This article was originally published on LinkedIN by ECI's CEO, Pat Harned. Follow her on Twitter at @PatriciaHarned
It’s not every day that opportunity arises to have a one-on-one conversation with a White House Cabinet official. In fact for me, it has only happened once before. So suffice it to say that I was pretty nervous when, at the Annual Conference of the Ethics & Compliance Initiative (ECI), I sat down with Attorney General Jeff Sessions to ask a few questions in follow-up to his keynote address.
Adding to the weight of the moment was the fact that I spoke with the Attorney General in the presence of a large audience. Among them there were a number of thought leaders whose opinions I deeply respect. Without question, the audience held a wide range of opinions and views about the best possible outcome for the conversation we were to have.
In a previous article I elaborated on ECI’s invitation to the Attorney General to speak at our conference. Our goals were to introduce the new leader of the DoJ to the E&C community; to have a dialogue about the priorities of his Department; and to gauge the impact that this administration will have on the work we do.
A number of articles have already been written to recount both his formal remarks and the informal exchange that the Attorney General and I had that day. You likely already know the important points Sessions made:
- The Department of Justice will continue to vigorously prosecute white collar and economic crime, especially with regard to enforcement of the FCPA.
- The Department will maintain its emphasis on the prosecution of individuals, and to that end it expects timely disclosures and investigations from corporations.
- The Department intends to continue its cooperative enforcement efforts with officials in other countries, particularly because it has an interest in helping to establish a level playing field for U.S. business in all regions of the world.
- Attorney General Sessions acknowledged the impact that an effective E&C program can have on an organization, and he expressed interest in hearing about ways the Department can do more to incentivize high quality programs.
For an industry hungry to know about the new administration’s priorities with respect to enforcement of white collar and economic crime, the Attorney General gave us a pretty good sense of his perspective.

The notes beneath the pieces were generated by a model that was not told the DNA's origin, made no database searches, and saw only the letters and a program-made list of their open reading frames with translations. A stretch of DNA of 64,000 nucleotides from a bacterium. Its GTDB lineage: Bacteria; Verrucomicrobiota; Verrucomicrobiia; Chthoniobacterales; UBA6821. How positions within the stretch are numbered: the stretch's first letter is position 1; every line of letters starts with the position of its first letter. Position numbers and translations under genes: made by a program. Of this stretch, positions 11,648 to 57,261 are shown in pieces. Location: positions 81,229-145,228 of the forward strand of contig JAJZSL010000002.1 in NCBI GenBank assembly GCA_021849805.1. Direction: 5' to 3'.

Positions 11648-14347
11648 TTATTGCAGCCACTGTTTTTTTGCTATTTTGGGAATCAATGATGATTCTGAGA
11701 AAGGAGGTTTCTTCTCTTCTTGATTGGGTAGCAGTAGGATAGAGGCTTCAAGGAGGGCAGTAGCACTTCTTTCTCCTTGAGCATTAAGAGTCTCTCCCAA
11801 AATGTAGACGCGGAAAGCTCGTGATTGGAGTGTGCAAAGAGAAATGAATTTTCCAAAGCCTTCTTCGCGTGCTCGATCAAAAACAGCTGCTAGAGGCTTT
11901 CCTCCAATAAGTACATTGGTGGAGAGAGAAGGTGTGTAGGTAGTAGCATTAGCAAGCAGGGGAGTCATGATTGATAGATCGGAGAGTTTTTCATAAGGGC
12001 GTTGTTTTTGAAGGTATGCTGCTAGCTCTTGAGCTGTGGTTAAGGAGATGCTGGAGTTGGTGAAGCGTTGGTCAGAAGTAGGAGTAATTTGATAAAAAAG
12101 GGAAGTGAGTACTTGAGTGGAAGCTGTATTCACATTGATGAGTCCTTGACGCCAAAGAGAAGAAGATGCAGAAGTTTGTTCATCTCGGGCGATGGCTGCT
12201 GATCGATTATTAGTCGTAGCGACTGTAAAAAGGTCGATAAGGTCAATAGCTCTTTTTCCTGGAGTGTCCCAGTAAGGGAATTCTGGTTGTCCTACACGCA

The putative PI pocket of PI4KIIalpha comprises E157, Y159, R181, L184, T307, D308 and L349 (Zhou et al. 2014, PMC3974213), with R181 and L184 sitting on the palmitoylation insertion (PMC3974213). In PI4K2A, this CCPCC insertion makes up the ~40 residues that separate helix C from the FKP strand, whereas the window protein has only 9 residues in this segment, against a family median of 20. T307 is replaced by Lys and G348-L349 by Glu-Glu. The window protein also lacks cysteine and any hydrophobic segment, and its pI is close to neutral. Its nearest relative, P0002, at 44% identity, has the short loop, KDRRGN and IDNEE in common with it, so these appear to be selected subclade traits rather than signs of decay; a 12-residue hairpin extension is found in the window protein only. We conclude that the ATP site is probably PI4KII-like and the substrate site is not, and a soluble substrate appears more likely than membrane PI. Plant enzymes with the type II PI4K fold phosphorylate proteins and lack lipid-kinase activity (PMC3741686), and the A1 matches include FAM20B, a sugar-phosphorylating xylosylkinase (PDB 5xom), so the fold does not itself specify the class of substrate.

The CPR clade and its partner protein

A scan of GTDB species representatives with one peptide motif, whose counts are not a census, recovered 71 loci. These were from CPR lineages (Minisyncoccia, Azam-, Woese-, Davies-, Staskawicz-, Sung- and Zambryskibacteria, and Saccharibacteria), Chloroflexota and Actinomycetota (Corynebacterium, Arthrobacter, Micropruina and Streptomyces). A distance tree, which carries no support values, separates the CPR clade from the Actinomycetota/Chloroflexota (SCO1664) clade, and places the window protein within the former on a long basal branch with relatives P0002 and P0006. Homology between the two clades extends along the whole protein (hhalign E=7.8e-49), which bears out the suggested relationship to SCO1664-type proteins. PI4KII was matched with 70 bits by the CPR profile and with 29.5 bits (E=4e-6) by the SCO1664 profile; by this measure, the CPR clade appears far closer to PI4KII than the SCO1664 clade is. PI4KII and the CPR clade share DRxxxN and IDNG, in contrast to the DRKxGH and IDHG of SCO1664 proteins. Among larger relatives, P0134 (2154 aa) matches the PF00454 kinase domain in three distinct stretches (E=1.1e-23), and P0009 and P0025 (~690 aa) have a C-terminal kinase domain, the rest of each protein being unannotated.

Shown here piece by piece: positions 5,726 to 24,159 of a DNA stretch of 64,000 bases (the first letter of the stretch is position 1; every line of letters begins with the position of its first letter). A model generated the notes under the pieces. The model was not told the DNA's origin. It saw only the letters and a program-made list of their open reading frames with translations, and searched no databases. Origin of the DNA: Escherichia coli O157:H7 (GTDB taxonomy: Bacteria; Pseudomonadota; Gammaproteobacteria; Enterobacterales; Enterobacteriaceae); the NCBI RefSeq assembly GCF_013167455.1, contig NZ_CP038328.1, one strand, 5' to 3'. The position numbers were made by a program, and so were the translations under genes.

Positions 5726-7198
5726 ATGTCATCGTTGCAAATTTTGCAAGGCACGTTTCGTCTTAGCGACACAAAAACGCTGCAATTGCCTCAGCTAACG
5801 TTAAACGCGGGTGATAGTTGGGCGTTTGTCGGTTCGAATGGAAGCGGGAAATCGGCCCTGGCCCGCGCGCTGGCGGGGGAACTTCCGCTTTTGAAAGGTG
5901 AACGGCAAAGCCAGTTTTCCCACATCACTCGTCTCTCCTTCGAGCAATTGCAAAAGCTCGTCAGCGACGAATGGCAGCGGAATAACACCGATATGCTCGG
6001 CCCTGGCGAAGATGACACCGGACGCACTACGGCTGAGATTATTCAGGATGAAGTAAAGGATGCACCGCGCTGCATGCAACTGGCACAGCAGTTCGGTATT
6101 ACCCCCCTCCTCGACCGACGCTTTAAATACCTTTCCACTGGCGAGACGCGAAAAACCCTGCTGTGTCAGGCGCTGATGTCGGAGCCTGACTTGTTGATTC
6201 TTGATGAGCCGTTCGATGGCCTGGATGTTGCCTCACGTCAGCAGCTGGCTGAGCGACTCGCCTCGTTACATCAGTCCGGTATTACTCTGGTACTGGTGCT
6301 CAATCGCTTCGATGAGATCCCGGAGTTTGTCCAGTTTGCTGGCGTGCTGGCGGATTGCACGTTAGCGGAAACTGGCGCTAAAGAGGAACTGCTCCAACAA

My Two Cents
Now that the conference is over, I’ve been asked several times about my personal view of the event. I’ve found myself talking more about my experience behind the scenes than the dialogue that people saw on stage. A few things struck me about the Attorney General that I think are characteristic of the challenges that every high level executive faces. Regardless of the politics, I was struck by the need for:
- Performance under immense pressure. When he arrived at our venue, Sessions was led immediately to a private room where he never had a single moment of privacy. He met a small delegation of ECI directors. He stood for pictures, and a tech crew saddled him with a microphone. From there he was led directly to the stage. He calmly stood before an audience representing a wide distribution of friendlies and enemies. Virtually every major news source was represented and the cameras were on. The entire experience was non-stop, and I’ll just say that I felt the pressure even though my role was far less consequential.
- Messaging in a single moment. Surely the Attorney General knew that this oration — his first public speech about the DoJ’s priorities for white collar crime enforcement — was weighty. I am also certain he knew many people were inclined to dislike what he said from the moment he said it. Sure, he had prepared remarks to make the key points, but when we sat down for the Q&A together, the Attorney General had no notes. What struck me was his ability to deliver strong statements in sound bites that people would remember and the media would perpetuate. He responded in a manner that got his message across in a way that would linger.
- Personality and purposefulness. What surprised me most was the fact that the Attorney General was engaging and — dare I say it — fun to talk to. He was talkative and lighthearted. He got so excited that he sat up in his chair and interrupted my questions when he thought of another point he wanted to make. He shared a little bit about himself, and even admitted some of his faults. He was likable, and it was impactive. He said some important things, but his delivery is what has stayed with me.
To me, the most encouraging thing about the experience was the fact that the Attorney General expressed personal interest in joining a series of meetings to talk further about the role of — and challenges for — ethics and compliance professionals. I think he was serious about that offer. And trust me; I will hold him to his commitment. The ECI is already working with the Department to open this dialogue.
No doubt the audience left with the same array of opinion about the man and the administration as they had when they entered. But overall, I believe there was widespread agreement that as an E&C community, we had accomplished our goals by engaging with Attorney General Sessions that day. We did right by our organizations and our profession.